Let's break it down.  The coat of arms was granted first as just a shield by King Edward VII in 1906, the rest was request…

Sportsyball: Wenger Finally Out

I woke up about two hours ago, sat up, rode that feeling of gathering consciousness as the blood in your body starts to rush downward with the forces of gravity, like a rain stick. Fighting through clouds of sleep, I grabbed the stack of clothes I had set aside the night before and staggered into the bathroom to take a shower. As is my usual, lamentable, habit, I glanced through Twitter quickly to make sure World War 3 hadn't started overnight while I slept. (You laugh, but when the Japanese Earthquake/Tsunami hit, I was asleep. That was a bit of jarring and sobering thing to wake up too.) But there it was: #MerciArsene, trending everywhere on the soccer Twitter.

The rumors that had been flying for weeks were apparently true. Arsene Wenger, who had been manager at Arsenal for 22 years, was retiring at the end of the season.

It's been two hours and I'm still honestly not sure how I feel about all of this. The narrative in the Arsenal commentariat seems to have shifted from,…

The Most Chaotic Timeline

I had a terrifying thought the other day. What if everyone's a little bit right?

No, seriously, think about it. We are, if the media is to be believed, in 'the end stages of the Trump Presidency' (also media: no, we're not.) The right wing internet has been waiting patiently with baited breath for the Inspector General's report on what exactly went down with the FBI, DOJ and the 2016 election. Each side is convinced that there's 'something' there, where ever 'there' is, but what if both sides find what they're looking for?

Seriously: what if everyone's a little bit right?

I'm no longer buying the Trump/Russia thing. It's entirely possible that I'm wrong about this, but I feel like unless Mueller is playing three dimensional space checkers, that ship has kind of sailed. While the administration does inexplicable things like stepping back from fresh sanctions, it's also been risking World War 3 with Russia by pitching missi…

Albums2010: The Archives

This project began eight long years and two blogs ago with this post. I'm going to finish it out next month on May 19th, exactly eight years to the day after it began with the very last album on my list. Some were lost to the Unfortunate Wordpress Experiment (that I really shouldn't have done to begin with and should have worked harder to archive all the stuff I wrote that year) but all in all, it's been one hell of a journey, I think.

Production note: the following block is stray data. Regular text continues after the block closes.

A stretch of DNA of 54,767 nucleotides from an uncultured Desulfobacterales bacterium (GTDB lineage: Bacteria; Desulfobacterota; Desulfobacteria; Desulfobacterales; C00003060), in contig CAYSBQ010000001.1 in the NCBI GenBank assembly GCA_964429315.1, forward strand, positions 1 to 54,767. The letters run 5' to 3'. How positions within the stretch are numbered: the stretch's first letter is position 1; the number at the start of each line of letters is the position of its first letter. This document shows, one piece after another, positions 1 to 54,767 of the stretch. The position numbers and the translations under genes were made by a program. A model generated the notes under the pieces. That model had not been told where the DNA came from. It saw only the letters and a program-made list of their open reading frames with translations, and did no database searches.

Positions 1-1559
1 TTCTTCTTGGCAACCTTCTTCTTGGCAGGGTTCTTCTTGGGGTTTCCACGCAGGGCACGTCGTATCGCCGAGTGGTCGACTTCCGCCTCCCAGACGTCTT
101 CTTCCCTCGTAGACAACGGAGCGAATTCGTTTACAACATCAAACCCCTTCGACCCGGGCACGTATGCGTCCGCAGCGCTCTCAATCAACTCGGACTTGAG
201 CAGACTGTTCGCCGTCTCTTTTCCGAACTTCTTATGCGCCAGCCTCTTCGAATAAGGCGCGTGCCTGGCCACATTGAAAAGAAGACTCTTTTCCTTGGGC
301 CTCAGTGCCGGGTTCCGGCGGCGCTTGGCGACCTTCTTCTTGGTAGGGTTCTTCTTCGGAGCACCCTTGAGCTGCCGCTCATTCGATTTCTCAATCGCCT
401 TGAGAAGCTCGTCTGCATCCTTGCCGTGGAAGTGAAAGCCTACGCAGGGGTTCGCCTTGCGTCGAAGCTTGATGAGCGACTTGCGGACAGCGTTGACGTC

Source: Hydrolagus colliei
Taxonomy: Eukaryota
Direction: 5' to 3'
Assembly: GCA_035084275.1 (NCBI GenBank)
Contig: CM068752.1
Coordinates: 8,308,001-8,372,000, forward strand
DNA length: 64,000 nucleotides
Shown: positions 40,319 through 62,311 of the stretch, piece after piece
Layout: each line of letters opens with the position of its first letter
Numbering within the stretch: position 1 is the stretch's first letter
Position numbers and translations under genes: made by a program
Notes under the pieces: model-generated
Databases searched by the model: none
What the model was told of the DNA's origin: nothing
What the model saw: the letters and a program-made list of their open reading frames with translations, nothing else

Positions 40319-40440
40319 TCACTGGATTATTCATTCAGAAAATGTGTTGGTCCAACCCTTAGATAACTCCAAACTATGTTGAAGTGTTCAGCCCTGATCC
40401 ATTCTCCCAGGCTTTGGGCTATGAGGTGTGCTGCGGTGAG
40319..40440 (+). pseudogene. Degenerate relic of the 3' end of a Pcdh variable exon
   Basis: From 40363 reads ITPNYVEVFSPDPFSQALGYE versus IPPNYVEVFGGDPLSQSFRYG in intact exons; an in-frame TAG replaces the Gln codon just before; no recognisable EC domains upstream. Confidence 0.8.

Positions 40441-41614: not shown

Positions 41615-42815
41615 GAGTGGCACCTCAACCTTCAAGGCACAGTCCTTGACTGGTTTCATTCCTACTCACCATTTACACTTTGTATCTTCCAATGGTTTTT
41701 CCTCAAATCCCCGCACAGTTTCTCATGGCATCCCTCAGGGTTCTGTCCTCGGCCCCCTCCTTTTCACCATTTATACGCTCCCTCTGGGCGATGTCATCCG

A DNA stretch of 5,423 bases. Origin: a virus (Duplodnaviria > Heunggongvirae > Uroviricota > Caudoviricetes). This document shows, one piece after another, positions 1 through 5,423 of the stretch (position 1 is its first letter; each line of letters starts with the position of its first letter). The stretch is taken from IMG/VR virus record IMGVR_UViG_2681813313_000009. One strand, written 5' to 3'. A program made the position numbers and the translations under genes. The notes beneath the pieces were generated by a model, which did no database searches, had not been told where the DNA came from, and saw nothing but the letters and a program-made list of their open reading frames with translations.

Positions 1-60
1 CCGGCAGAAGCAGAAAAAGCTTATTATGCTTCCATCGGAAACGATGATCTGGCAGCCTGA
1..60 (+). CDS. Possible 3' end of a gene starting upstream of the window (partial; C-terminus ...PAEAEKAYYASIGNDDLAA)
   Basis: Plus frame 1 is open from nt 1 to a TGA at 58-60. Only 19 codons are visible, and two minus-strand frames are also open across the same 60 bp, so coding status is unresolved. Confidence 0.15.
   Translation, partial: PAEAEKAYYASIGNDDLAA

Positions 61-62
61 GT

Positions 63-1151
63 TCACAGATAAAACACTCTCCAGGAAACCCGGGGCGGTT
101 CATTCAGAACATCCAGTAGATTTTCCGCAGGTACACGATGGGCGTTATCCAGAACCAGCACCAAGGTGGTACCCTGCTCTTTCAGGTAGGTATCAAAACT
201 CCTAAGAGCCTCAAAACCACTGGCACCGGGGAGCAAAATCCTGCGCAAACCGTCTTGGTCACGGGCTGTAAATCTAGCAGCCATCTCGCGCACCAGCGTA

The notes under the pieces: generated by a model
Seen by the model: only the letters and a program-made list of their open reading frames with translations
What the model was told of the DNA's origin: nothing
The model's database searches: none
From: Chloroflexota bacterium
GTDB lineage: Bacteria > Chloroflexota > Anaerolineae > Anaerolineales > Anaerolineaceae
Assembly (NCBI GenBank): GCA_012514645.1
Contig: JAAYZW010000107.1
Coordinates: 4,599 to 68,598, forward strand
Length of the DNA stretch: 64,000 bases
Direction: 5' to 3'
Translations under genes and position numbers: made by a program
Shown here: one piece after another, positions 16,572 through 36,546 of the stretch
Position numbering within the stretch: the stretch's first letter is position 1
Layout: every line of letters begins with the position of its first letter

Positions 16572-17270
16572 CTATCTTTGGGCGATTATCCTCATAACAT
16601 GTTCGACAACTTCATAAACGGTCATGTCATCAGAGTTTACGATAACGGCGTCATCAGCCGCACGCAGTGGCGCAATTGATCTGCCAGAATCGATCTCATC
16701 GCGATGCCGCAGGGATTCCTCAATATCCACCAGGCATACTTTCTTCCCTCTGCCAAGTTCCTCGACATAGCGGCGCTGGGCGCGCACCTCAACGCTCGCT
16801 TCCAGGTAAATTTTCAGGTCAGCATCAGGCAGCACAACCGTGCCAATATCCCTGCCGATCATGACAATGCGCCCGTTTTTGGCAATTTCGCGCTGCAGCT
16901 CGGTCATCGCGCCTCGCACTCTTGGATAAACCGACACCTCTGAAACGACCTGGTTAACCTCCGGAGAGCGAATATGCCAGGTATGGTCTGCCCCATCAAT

Looking back at my blogging history, I've begun feature after feature and just sort of forgotten about it after awhile- this has been one of the few that have stood the test of time and gone the distance with me. There were many times when it's felt like a chore- there were many times when I've wondered why I'm even bothering to do this at all, since music just isn't my thing and I can't really get beyond, 'this album is good/great/excellent or bad/meh/terrible' when I review them. But, I persevered... so with…

This Week In Vexillology #256

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I really wanted to find the clip from that episode of The West Wing where White House Counsel Oliver Babish reveals he was planning on taking a vacation to Sarawak and the President promptly responds, 'Asia's best kept secret.' (It's Season 2, Episode 19 'Bad Moon Rising' if you want to watch it for yourselves. Just sort of imagine it instead of this paragraph, okay.)

So, as you might have guessed that This Week in Vexillology, I went back to the source of my flag obsession for inspiration and we're going to take a look at the flag of the Malaysian State of Sarawak. Before we get to the flag, we should probably ask the obvious question: where the heck is it?


Sarawak is situated on the northern chunk of the Island of Borneo- it's the red part. That little grey divot in it right at the top next to the white chunk of land is Brunei. The white chunk of land at the top of Borneo is the Malaysian state of Sabah. It's got an interesting history. From 1841 …

I'm Not A Zoo Exhibit, I'm A Dad

"Americans Love Seeing Swedish Dads Out With Their Kids."
I suppose my first mistake was clicking on the article to begin with, but props to Slate for actually acknowledging that it's something of a problem. What, oh what, is the genesis of this article? Well, apparently when Americans go to Sweden they see Fathers out and about with strollers, watching their kids on the playground and just automatically assume that all those men must by nannies of some kind.
There's so much garbage being written out there about the state of masculinity today on both ends of the political spectrum that it's hard to find anything useful buried under the mountains of shit, so I suppose I should open with the obvious one. I'm not a Nanny. I'm not a baby-sitter. Those are, in fact, my children and yes, I am their father. I'm not some kind of exotic zoo exhibit you can gawk and reading this article honestly made my jaw drop. Do people really think this when they see Dads o…

Embracing The Flaws

There's really nothing more gratifying than reading something you've written and realizing to yourself, 'hey, this isn't half bad.' I'm currently in the long, gentle process of giving my first two books a polish and it's strange how at peace I am with them all. Normally, I tend to be my own worst critic. I think a lot of people work that way- and not just people who write, but of late, I think I've kind of been giving myself a little bit of a break with these first two books.

How did my writing process for these books work? I'm not entirely sure I could tell. It just sort came out of me in a rush and when it was done I realized several things. First was, 'holy shit, I've got a lot of words on my hands' and second was, 'there's got to be a book under here somewhere.' Turns out there was- it just wasn't the book I expected to write, because much in the same way that Star Wars worked, for some reason the best part of the mou…

In Defense of The EPB